Cover Story

Into the last laps

"Into the last laps" Continued...

Issue: "Dead heat," Sept. 22, 2012

Still, the question remains: Are the grassroots interested enough? Dyan and Gery Cuprisin aren't so sure. The couple here at the Clearwater event is volunteering for the first time because of the apathy they see among friends and neighbors. "They're more involved in the latest shows on TV than what's happening in the country," says Dyan.

When their church - a non-denominational congregation of several thousand members - invited area churches to an informational forum on issues and candidates earlier this year, the couple says less than 50 people showed up.

Arnakis tells the group they should emphasize the importance of social issues in the upcoming election, but also learn how to talk to undecided voters about complex topics like Medicare and tax reform: "How did Jesus communicate?" he asks the group. "In stories and examples. He took hard concepts and broke them down."

That's a lesson the Romney camp should absorb. In a series of convention speeches in Tampa, a litany of Republican politicians spoke of the problems created by Obama. Fewer spoke of concrete solutions. In conversations with voters outside the convention hall, many spoke of "taking the country back" or stopping Obama, but fewer spoke of how to accomplish those goals.

Back in Clearwater, Kirkland says that's a problem when it comes to undecided voters. "An undecided voter doesn't care about a party message," he told the volunteers. "You have to talk to them about their issues."

For social conservatives, some of their issues didn't get heavy play during major convention speeches. Though Rick Santorum emphasized the importance of pro-life causes, and the GOP platform was pointedly pro-life, Romney devoted one line of a 37-minute speech to social issues: "As president, I'll respect the sanctity of life. I'll honor the institution of marriage."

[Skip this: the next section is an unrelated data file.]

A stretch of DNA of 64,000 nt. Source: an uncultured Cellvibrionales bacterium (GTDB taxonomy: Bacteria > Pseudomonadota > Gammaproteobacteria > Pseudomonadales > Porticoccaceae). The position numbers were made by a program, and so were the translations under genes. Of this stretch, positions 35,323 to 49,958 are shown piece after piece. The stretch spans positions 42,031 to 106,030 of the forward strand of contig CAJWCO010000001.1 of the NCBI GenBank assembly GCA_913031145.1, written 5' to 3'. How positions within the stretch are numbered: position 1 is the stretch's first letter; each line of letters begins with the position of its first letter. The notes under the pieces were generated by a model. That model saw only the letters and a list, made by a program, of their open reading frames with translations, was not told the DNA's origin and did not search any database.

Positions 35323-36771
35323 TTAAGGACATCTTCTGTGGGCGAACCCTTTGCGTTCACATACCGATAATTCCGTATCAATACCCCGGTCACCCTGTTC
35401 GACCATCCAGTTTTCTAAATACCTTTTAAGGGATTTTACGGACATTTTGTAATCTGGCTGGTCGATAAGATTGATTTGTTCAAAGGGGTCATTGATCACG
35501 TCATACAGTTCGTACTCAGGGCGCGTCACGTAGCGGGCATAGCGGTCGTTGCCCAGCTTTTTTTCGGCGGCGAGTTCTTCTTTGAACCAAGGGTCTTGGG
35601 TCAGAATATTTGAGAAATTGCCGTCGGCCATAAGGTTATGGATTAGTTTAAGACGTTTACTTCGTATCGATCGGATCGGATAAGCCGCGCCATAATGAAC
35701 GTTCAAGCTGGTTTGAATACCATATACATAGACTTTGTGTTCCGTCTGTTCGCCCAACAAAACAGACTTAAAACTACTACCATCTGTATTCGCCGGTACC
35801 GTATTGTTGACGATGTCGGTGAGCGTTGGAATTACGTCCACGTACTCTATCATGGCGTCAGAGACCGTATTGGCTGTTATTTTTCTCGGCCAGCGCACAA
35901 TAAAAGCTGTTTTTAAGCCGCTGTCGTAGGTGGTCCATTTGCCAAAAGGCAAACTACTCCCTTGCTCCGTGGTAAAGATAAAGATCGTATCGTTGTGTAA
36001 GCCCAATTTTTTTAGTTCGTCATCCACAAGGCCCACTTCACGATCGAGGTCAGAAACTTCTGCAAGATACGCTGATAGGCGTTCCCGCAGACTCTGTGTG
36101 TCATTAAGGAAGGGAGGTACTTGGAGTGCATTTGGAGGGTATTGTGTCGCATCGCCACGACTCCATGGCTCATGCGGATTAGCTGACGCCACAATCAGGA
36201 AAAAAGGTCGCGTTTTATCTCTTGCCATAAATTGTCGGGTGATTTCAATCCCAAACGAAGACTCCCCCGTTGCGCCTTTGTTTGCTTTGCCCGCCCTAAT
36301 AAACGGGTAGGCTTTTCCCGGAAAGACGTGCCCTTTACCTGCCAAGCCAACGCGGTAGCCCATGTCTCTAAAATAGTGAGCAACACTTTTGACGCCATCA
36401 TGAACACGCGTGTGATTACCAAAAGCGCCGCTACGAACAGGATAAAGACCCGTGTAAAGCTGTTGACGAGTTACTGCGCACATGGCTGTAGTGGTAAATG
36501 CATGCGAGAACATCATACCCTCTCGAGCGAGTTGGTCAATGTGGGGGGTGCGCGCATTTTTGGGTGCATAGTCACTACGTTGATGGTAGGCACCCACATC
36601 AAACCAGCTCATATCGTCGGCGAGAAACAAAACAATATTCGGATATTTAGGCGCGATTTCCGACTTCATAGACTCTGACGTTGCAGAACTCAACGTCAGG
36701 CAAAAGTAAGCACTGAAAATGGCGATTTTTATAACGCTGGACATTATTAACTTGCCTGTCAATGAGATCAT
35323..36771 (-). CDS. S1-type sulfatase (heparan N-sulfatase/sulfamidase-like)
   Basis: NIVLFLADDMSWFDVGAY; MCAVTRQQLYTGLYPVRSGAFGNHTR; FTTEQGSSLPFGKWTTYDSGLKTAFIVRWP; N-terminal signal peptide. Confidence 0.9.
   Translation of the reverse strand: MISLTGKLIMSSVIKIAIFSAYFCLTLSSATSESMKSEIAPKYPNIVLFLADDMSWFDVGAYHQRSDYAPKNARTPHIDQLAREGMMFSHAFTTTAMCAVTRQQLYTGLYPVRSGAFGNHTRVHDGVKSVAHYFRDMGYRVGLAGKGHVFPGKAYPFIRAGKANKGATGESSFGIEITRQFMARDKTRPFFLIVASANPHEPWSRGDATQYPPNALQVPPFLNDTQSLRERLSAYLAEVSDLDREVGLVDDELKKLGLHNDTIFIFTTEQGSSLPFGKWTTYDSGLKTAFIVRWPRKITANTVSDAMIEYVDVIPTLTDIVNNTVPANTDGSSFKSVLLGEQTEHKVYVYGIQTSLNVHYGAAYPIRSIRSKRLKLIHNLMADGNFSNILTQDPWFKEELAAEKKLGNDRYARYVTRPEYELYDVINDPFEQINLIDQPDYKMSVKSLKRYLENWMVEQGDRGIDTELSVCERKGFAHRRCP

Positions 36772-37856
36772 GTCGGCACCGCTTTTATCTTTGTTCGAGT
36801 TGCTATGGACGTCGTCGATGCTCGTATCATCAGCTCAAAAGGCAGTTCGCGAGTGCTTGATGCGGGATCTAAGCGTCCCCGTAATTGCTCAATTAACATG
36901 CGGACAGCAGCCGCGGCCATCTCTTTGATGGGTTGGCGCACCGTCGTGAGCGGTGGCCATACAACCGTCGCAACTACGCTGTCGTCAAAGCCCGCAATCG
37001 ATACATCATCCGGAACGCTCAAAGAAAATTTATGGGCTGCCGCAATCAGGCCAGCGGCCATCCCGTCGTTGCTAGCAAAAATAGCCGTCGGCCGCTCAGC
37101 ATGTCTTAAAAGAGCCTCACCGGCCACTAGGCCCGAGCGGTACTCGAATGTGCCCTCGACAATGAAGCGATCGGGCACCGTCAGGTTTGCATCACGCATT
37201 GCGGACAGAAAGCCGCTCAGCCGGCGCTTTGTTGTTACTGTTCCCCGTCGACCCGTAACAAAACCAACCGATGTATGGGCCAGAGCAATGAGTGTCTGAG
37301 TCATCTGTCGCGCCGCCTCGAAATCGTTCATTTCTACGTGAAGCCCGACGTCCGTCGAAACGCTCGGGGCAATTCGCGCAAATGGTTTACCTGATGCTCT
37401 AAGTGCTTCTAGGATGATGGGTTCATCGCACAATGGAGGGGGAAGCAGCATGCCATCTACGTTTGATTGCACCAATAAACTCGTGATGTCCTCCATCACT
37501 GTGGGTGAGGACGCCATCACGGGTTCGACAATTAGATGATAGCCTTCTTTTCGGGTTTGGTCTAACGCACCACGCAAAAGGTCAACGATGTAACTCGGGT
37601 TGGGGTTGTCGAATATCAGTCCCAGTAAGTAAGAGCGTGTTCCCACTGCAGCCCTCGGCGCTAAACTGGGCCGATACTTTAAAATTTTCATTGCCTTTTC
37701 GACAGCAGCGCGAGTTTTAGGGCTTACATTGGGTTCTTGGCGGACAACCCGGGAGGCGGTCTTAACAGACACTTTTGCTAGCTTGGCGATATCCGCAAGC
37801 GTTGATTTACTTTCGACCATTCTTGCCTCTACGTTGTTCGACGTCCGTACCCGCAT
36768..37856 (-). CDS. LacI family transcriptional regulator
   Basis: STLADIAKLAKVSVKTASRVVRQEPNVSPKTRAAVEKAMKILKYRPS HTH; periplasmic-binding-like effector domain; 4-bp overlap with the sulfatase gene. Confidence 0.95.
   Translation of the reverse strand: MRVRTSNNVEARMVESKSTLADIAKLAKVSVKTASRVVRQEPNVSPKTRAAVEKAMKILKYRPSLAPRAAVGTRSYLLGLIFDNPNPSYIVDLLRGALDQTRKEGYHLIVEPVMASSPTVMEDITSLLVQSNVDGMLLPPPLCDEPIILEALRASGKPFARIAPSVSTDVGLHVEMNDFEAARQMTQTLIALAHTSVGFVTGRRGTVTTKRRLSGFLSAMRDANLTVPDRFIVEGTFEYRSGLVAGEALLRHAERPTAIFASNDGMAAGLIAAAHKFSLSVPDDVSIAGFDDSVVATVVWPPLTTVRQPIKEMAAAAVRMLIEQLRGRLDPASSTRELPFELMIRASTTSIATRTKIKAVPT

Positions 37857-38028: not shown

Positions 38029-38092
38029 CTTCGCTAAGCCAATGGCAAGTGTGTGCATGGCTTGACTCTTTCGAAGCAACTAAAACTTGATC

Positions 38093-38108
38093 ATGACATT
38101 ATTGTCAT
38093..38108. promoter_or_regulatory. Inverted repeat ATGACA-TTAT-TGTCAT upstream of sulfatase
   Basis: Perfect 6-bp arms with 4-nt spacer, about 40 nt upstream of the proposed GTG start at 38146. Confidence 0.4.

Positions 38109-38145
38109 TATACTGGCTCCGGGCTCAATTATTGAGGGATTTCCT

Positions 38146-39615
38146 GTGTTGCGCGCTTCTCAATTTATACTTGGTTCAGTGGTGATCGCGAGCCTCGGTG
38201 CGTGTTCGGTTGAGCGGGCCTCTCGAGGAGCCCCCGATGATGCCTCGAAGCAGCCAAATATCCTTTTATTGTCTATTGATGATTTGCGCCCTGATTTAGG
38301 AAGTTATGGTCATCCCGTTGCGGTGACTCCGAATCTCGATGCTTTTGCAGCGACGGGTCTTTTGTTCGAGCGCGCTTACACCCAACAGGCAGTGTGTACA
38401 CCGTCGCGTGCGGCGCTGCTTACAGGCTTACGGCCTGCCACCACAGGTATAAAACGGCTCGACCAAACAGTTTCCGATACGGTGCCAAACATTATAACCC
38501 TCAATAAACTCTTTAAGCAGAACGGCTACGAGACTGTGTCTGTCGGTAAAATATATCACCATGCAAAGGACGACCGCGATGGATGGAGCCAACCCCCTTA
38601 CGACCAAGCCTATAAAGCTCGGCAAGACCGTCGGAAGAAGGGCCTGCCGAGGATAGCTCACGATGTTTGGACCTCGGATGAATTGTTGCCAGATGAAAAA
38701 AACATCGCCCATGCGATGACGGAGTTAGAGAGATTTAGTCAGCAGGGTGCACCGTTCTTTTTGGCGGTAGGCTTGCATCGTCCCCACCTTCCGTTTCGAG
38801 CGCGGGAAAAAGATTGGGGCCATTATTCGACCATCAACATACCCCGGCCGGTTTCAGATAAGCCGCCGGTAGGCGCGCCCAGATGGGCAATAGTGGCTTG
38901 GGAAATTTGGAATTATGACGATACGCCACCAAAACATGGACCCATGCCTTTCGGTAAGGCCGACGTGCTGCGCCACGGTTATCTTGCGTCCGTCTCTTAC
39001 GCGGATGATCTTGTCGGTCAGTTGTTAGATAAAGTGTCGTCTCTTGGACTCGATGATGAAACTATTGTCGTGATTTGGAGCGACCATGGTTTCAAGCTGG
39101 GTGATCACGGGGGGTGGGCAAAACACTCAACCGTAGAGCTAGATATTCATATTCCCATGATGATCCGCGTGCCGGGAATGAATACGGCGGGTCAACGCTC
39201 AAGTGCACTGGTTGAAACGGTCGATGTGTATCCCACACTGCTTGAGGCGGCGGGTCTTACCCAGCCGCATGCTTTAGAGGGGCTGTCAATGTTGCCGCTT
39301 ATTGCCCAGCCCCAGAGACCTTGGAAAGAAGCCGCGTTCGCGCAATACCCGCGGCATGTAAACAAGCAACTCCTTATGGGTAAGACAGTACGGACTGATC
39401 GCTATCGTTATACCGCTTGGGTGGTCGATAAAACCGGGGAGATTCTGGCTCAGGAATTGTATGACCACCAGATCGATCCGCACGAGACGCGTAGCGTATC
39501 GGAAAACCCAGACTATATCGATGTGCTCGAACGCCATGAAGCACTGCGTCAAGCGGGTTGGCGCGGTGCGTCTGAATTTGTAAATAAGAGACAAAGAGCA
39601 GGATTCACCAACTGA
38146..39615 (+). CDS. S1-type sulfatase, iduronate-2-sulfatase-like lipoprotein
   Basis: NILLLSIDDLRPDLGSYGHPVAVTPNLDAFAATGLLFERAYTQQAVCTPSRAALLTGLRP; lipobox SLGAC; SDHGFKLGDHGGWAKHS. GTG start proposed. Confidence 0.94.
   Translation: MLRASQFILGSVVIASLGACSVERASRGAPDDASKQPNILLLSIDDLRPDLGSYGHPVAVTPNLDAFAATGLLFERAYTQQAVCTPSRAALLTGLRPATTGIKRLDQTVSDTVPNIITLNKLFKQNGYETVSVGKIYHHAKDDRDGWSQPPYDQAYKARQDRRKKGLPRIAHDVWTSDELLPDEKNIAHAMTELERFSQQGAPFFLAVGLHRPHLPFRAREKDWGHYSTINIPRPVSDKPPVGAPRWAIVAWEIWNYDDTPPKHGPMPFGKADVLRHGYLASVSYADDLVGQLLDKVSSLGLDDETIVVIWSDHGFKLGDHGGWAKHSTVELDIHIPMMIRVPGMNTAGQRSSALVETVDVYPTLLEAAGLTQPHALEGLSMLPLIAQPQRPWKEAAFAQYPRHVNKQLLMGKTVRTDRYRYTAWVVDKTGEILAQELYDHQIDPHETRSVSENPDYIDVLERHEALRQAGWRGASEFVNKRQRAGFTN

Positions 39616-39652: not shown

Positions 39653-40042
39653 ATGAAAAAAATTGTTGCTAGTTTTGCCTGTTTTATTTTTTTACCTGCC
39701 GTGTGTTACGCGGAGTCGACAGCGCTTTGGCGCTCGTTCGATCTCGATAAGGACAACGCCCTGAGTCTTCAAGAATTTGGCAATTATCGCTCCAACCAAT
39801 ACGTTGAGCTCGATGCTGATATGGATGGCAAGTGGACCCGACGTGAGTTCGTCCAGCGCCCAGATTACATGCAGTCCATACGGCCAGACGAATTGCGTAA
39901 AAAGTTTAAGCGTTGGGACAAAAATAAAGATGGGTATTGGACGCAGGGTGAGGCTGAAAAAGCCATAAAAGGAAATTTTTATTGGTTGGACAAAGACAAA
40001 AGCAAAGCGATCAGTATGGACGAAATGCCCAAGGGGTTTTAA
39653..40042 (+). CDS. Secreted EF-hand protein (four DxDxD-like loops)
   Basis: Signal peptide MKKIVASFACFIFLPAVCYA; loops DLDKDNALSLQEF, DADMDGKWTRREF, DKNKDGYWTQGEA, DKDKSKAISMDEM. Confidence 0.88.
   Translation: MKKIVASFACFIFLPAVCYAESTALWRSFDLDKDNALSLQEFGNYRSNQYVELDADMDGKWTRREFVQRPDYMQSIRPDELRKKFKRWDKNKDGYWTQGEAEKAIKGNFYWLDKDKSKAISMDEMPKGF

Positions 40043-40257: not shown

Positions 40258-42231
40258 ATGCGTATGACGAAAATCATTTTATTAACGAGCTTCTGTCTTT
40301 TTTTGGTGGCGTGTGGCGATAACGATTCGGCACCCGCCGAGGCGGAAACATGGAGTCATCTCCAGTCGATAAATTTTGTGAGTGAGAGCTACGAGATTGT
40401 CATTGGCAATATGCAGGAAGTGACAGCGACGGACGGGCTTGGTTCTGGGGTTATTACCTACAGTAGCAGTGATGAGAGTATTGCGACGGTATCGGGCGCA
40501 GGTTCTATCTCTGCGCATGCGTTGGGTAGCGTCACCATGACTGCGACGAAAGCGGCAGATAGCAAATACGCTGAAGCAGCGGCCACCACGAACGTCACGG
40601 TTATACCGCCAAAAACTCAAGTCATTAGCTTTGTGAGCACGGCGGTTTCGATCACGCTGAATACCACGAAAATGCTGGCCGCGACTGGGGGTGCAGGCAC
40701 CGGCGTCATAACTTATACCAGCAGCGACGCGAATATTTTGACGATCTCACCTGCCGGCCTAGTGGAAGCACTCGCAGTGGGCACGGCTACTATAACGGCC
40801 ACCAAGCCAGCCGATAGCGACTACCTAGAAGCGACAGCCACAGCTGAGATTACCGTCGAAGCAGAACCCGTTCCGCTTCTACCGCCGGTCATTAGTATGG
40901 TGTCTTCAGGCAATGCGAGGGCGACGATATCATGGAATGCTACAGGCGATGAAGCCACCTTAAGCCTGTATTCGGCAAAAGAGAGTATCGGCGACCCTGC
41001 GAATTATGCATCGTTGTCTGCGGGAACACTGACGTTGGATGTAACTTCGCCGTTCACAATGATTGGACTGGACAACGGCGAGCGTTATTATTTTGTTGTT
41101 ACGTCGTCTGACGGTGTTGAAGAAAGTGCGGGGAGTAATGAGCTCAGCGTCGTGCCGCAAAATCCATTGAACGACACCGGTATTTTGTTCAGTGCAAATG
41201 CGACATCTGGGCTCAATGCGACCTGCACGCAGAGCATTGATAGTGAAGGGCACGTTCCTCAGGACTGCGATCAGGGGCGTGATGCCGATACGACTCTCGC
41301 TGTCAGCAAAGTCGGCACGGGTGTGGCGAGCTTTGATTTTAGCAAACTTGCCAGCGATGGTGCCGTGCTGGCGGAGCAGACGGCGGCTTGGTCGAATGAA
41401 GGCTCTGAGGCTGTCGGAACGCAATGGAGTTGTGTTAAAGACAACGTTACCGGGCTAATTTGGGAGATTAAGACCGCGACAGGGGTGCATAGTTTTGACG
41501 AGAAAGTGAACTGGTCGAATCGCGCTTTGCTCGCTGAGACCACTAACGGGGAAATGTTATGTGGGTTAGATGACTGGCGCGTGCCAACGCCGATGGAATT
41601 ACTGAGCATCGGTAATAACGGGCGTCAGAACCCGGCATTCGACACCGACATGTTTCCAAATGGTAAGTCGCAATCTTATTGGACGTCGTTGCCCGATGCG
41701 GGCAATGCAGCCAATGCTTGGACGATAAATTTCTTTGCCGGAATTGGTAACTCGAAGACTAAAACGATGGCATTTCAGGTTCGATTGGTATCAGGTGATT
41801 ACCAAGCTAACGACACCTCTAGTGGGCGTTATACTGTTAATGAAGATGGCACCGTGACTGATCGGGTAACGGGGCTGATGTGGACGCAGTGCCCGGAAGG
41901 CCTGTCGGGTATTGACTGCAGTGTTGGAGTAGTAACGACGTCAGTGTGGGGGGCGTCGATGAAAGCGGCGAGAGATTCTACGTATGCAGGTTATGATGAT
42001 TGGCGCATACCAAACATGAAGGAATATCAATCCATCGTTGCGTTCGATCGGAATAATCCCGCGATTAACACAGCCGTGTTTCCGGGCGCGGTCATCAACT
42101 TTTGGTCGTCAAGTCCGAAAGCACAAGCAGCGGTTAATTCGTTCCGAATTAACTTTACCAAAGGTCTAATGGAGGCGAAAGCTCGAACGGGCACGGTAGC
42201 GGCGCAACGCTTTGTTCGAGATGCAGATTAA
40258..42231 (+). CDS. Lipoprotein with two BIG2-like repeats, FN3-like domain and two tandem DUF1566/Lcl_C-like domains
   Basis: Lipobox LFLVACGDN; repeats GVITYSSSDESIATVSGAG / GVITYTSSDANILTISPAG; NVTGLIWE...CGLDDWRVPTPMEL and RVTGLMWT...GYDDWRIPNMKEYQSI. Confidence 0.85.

Perhaps that was a political calculation after Rep. Todd Akin, R-Mo., caused an uproar by using the term "legitimate rape" when discussing abortion a week earlier. (An interviewer had asked Akin whether abortion should be legal in the cases of rape.)

By the middle of the RNC, the Obama campaign - which hadn't emphasized its pro-abortion stance - seized the controversy. A television ad running on large screens in the Tampa convention center warned that Romney favors overturning Roe v. Wade, and featured a woman saying: "It's a scary time to be a woman."

Tony Perkins - president of the Family Research Council and a Louisiana delegate at the convention - said the GOP shouldn't avoid the subject of abortion: "I think Republicans do themselves a disservice when they run from the fact that they are the party that protects life."

Indeed, with polls showing that pro-life sentiment is increasing in America, Perkins says: "It's something to run to - not from."

Gary Bauer, president of the group American Values, says social conservatives face pushback from the "financial elites" of the GOP who would like to avoid discussing abortion and marriage. "But the worst possible thing that the party can do is get in the crouching position and put their hands over their head," he said. Instead, Bauer says the party should emphasize that Democrats favor abortion in all circumstances: "The extremists on abortion are in the other party."

Extremism was on display a day later at a pro-life reception near the Tampa arena. While pro-life supporters gathered in a second-story reception area over a busy street, protesters from the group Code Pink gathered on the corner in full view of the window. They wore lewd costumes depicting female anatomy, and carried lewd signs. Upstairs, Penny Nance, president of Concerned Women for America, dismissed the Democratic idea that the GOP is engaged in a war on women: "It's actually a war for women." Nance says it's a war rooted in compassion for unborn children and the women who carry them: "If you let the other side define you, you lose."

Social conservatives weren't the only grassroots group calling for a louder voice. A heated controversy over Republican Party rules erupted during the first day of the convention.

A controversial proposal by Ben Ginsberg - lead attorney for the Romney campaign - would have allowed presidential nominees under some conditions to choose or replace delegates before conventions. (Delegates are typically elected by state and local parties.)

Grassroots activists saw the move as an attempt to squelch the influence of candidates like Rep. Ron Paul, R-Texas, who enjoyed widespread grassroots support during his presidential campaign.

That proposal didn't survive, but another one did: The GOP can now change party rules between conventions, instead of waiting for fuller debates on a convention floor.


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